Are the Shaolin real?

The fighting monks of the Shaolin monastery in the pagoda forest on Song Mountain in China are worshiped all over the world. They are real, but they have become mythical in countless martial arts films and in the hip-hop of the Wu Tang Clan. The Zen monks of Shaolin have been practicing for 1, 500 years. The Shaolin Monastery (Shàolínsì), also known as Shaolin Temple, is a famous temple recognized as the birthplace of Chan Buddhism and the cradle of Shaolin Kung Fu.

It is located at the foot of the Wuru peak of the Songshan Mountain Range in Dengfeng County, Henan Province, China. The name reflects its location in the ancient grove (lin) of Mount Shaoshi, in the interior of the Songshan Mountains. Mount Song occupied a prominent position among the Chinese sacred mountains as early as the 1st century BC. C., when one of the Five Sacred Peaks (wyuè) was proclaimed.

It is located about thirty miles southeast of Luoyang, the former capital of the Northern Wei Dynasty (386-53), and forty-five miles southwest of Zhengzhou, the modern capital of Henan Province. As the first abbot of Shaolin, Batuo dedicated himself to translating Buddhist scriptures and preaching doctrines to hundreds of his followers. In 527, Bodhidharma, the 28th patriarch of Mahayana Buddhism in India, arrived at the Shaolin Temple. Bodhidharma spent nine years meditating in a cave in Wuru Peak and started the Chinese Chan tradition at Shaolin Temple.

From then on, Bodhidharma was honored as the first patriarch of Chan Buddhism. The historical architectural ensemble of the Temple, which stands out for its great aesthetic value and its profound cultural connotations, has been inscribed on the UNESCO World Heritage List. In addition to its contribution to the development of Chinese Buddhism, as well as its historical, cultural and artistic heritage, the temple is famous for its martial arts tradition. Shaolin monks have dedicated themselves to the research, creation and continuous development and improvement of Shaolin Kung-Fu.

At the beginning of the 21st century, Shaolin is considered one of the most famous temples in the world (“Tiānxià dì yī mingchà). The main pillars of Shaolin culture are Chan Buddhism (Chan), martial arts (w), Buddhist art (yì) and traditional Chinese medicine (yī). This Shaolin cultural heritage, which continues to constitute the daily life of the temple, is representative of Chinese civilization and appreciated internationally. A large number of celebrities, political figures, eminent monks, Buddhist disciples and many others come to the temple to visit it, make pilgrimages and cultural exchanges.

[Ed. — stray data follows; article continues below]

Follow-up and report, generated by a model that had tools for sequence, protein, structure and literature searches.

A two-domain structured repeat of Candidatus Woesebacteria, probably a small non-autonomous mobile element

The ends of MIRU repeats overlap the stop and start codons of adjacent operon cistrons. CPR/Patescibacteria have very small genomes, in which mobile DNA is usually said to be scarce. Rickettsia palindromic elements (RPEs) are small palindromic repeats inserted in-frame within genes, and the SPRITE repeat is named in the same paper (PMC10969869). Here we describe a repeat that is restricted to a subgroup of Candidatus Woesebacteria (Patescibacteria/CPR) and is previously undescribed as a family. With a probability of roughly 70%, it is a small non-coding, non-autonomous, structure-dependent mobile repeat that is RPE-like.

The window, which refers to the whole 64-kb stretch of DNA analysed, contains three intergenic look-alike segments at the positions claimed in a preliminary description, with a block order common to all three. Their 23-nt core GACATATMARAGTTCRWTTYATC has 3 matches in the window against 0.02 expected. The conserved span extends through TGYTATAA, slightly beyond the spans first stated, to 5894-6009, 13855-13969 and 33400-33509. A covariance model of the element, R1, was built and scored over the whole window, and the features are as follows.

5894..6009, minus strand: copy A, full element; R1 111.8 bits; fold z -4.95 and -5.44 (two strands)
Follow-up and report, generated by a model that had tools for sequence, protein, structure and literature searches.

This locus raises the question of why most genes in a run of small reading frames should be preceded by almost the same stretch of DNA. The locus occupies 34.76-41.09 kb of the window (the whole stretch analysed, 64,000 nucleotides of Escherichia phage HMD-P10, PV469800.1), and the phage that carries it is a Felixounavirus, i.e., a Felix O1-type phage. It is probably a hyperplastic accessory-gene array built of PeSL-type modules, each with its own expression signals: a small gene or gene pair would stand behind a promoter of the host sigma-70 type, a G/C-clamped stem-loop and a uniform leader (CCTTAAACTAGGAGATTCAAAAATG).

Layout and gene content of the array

In addition, due to the work of Shaolin's official cultural centers abroad and foreign disciples, Shaolin culture spreads throughout the world as a distinctive symbol of Chinese culture and an important medium of foreign cultural exchange. Using the teachings of Batuo and his disciples as a basis, Bodhidharma introduced Chan Buddhism, and the Shaolin temple community gradually grew to become the center of Chinese Chan Buddhism. The teaching of Bodhidharma was passed on to his disciple Huike, for whom legend says that he cut off his arm to show his determination and devotion to the teachings of his teacher. Huike was forced to leave the Temple during the persecution of Buddhism and Taoism (574-580) by Emperor Wu of the Northern Zhou dynasty.

In 580, Emperor Jing of the Northern Zhou dynasty restored the temple and renamed it Zhi'ao Temple (Zhù sì). Emperor Wen of the Sui Dynasty (; July 21, 541 — August 13, 60), who was a Buddhist, returned the original name of the temple and offered his community 100 hectares of land. Shaolin thus became a great temple with hundreds of hectares of fertile land and large estates. Once again, it was the center of Chan Buddhism, with eminent monks from all over China coming to the Temple regularly.

With the establishment of the Ming dynasty in the mid-14th century, Shaolin recovered and a large part of the monastic community that fled during the Red Turban attacks returned. In the early Ming Dynasty, the government did not advocate martial arts. During the Jiajing period (Jiājìng, 1522-1556 of Ming Emperor Zhu Houcong (zhūhòucōng), Japanese pirates harassed China's coastal areas, and generals Yu Dayou and Qi Jiguang led their troops against the pirates. While in Fujian, Qi Jiguang summoned martial artists from all over China, including local Shaolin monks, to develop a set of boxing and anti-personnel techniques to be used against Japanese pirates.